The solutions presented by the ILN’s blueprint include: creating a rolling pool of funds offering first or second-loss guarantees so the private sector can cover currently hard-to-insure risks such as those relating to regulatory changes, taxation, and reputational risk; creating a separate facility to help with one of the biggest obstacles, foreign exchange risk; creating a detailed shared database of projects that MDBs are screening so that private investors can express an interest early on; setting up a searchable virtual toolbox so investors can more easily find the plethora of currently little-known risk-hedging instruments that MDBs and philanthropic organizations offer; give the private sector full access to emerging market risk data and information.
COP 26 will have been a success if governments and regulators deliver on the promises made over the past week. But despite all the driving strategies, gear change will only come at the granular level.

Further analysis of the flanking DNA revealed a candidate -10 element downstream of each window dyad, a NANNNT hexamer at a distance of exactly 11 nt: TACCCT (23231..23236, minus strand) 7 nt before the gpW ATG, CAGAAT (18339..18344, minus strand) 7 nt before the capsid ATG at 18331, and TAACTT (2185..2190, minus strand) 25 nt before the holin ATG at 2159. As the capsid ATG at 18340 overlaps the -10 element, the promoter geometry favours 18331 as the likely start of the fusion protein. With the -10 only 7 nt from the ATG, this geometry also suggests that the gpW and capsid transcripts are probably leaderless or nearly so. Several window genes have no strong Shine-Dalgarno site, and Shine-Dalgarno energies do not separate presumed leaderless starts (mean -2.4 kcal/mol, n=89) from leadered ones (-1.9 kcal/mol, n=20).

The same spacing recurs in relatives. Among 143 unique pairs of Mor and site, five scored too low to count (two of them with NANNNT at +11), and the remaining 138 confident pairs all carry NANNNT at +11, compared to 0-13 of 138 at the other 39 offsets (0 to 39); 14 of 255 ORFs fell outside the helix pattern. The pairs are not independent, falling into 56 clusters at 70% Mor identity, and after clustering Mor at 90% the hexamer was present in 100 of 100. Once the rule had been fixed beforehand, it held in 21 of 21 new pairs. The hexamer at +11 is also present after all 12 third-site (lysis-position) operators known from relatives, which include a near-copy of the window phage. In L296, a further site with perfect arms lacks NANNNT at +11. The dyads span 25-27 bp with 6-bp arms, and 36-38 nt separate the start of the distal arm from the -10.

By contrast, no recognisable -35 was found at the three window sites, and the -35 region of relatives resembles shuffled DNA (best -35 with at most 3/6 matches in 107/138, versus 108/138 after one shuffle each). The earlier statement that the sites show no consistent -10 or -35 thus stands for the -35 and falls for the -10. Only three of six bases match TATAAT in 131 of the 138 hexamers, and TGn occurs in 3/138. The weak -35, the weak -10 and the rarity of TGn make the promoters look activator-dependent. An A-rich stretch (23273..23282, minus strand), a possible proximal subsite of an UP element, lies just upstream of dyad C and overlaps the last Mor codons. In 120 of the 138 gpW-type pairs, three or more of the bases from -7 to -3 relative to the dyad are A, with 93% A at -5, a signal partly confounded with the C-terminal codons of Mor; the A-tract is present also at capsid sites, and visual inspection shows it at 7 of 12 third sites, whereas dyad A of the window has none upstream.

Selected news articles from Proximo last week
Carlyle Group – via Hamilton Projects Acquiror LLC – has signed on a repricing of the loan it raised in June 2020 to finance the acquisition of the 829MW Liberty Energy Center and 842MW Patriot Energy Center in Pennsylvania.
Financing for the €1.8 billion ($1.61 billion) 1.4GW NeuConnect interconnector project between the UK and Germany was launched to lenders in late October.
Global Infrastructure Partners is raising a significant debt facility to back its potential acquisition of a 49% stake in Woodside Energy’s Pluto LNG Train 2 project in Australia.
MIDDLE EAST & AFRICA
The Saudi Power Procurement Company (SPPC) has invited developers to submit expressions of interest in the project to develop a 3,600MW gas-fired independent power producer at Taiba, located near Medina in the western province of the kingdom.
Chile's Ministry of Public Works has received seven offers for the Second Santiago-San Antonio Highway Concession, Route 78, which will modernise and expand a 132km highway connecting Santiago with San Antonio.